Conduct disorder  

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Train wreck at Montparnasse (October 22, 1895) by Studio Lévy and Sons.
Train wreck at Montparnasse (October 22, 1895) by Studio Lévy and Sons.

Conduct disorder is a psychiatric category marked by a pattern of repetitive behavior wherein the rights of others or social norms are violated.

Symptoms include verbal and physical aggression, cruel behavior toward people and pets, destructive behavior, lying, truancy, vandalism, and stealing.

Conduct disorder is a major public health problem because youth with conduct disorder not only inflict serious physical and psychological harm on others, but they are at greatly increased risk for incarceration, injury, depression, substance abuse, and death by homicide and suicide. After the age of 18, a conduct disorder may develop into antisocial personality disorder, which is related to psychopathy. Depressive conduct disorder is a combination of Conduct disorder with persistent and marked depression of mood with symptoms such as loss of interest, hopelessness, disturbances in sleep patterns and altered appetite.



At one time or another most children and adolescents act out or do things that are destructive or troublesome to themselves or others as coping. Every teenager has a coping method; only some of the methods are troublesome or destructive. It is indicative of conduct disorder only if such behavior persists. This disorder is much more common among boys than girls. As many as 50% of parents of 4- to 6-year-old children report that their child has exhibited some such behavior, but most such children show a decrease in antisocial behavior within the next couple of years.

Those in whom this behavior persists may be candidates for psychological help. It is estimated that 5% of children show serious conduct problems, being described as impulsive, overactive, and aggressive and engaging in delinquent behavior. Some motives for such behavior are genetic inheritance of a difficult temperament, ineffective parenting, and living in a neighborhood in which violence is common. There is a lack of consensus on what actually works, despite considerable efforts made to help children with conduct disorders.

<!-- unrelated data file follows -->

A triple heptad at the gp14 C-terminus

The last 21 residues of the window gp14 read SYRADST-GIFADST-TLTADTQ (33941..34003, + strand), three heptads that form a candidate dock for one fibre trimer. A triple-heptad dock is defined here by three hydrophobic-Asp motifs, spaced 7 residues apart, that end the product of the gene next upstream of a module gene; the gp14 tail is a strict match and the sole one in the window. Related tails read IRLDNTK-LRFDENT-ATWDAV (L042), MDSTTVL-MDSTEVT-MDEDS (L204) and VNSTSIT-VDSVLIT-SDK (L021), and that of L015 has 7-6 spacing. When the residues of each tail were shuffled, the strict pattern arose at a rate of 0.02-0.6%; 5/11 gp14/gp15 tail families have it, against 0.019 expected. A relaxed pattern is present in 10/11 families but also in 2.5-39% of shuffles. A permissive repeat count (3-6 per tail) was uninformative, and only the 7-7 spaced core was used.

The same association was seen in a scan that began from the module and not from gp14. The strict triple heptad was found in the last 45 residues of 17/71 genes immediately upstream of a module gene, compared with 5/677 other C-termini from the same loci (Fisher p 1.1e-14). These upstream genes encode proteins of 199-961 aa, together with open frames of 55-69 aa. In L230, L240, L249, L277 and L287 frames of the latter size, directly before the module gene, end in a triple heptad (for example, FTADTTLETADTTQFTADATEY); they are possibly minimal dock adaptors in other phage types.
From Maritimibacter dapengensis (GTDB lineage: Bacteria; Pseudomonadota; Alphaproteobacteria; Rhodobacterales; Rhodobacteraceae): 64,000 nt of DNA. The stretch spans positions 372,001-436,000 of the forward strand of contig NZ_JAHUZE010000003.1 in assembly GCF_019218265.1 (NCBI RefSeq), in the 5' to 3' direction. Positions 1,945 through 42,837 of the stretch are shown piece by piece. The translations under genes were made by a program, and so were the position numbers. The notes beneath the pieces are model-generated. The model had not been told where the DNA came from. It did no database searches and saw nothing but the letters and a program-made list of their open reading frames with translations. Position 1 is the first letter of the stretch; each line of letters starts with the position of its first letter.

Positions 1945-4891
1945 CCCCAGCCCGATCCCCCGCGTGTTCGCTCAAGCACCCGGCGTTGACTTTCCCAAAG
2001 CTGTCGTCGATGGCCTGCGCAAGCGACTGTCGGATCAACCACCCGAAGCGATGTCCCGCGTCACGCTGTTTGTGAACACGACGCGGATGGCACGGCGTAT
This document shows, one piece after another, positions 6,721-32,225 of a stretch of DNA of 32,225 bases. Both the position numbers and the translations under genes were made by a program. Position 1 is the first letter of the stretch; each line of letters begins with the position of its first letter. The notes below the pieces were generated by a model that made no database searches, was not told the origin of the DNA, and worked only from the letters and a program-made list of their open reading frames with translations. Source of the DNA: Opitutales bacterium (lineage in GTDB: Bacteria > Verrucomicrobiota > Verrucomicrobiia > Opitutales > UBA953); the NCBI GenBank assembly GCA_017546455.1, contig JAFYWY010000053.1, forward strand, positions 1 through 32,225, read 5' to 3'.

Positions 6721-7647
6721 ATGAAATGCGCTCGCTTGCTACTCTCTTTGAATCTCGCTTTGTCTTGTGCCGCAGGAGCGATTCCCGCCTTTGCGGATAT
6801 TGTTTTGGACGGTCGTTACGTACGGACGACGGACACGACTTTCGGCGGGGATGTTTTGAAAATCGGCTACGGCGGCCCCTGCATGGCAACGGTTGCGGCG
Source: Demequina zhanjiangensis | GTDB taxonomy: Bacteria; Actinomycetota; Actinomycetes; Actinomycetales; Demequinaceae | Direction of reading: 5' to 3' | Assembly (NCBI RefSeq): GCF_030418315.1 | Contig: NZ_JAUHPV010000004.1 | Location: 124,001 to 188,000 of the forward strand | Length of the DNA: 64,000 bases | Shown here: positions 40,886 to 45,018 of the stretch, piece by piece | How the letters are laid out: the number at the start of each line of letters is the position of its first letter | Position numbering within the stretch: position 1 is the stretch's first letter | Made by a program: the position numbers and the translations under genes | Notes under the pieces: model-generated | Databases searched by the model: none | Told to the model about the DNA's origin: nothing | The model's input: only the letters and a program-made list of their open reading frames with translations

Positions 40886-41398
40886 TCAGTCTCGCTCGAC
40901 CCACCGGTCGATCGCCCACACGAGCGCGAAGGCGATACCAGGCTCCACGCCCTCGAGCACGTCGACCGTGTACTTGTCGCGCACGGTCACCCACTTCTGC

A closely linked behavior is juvenile delinquency. This term refers to an adolescent's tendency to break the law or to engage in illicit behavior, a broad concept that ranges from littering to murder. According to U.S. government statistics, eight of ten cases of juvenile delinquency involve males. However, in the last two decades there has been a greater increase in female than male delinquency.

Juvenile delinquency has been found to vary among cultures. Delinquency rates among minority groups and lower-socioeconomic-status-youth are especially high in proportion to the overall population of these groups. Some suggested causes of delinquency are heredity, identity problems, community influences, and family experiences.

Although delinquency is less exclusively a phenomenon of lower socioeconomic status than it has been in the past, some characteristics of lower-socioeconomic-class cultures may promote delinquency. It is a complex problem, but psychologists have found factors which may predict whether a youth is likely to turn violent. Violent youths are overwhelmingly male and driven by feelings of powerlessness. Ill-directed drives for power often motivate youth especially toward acts of violence.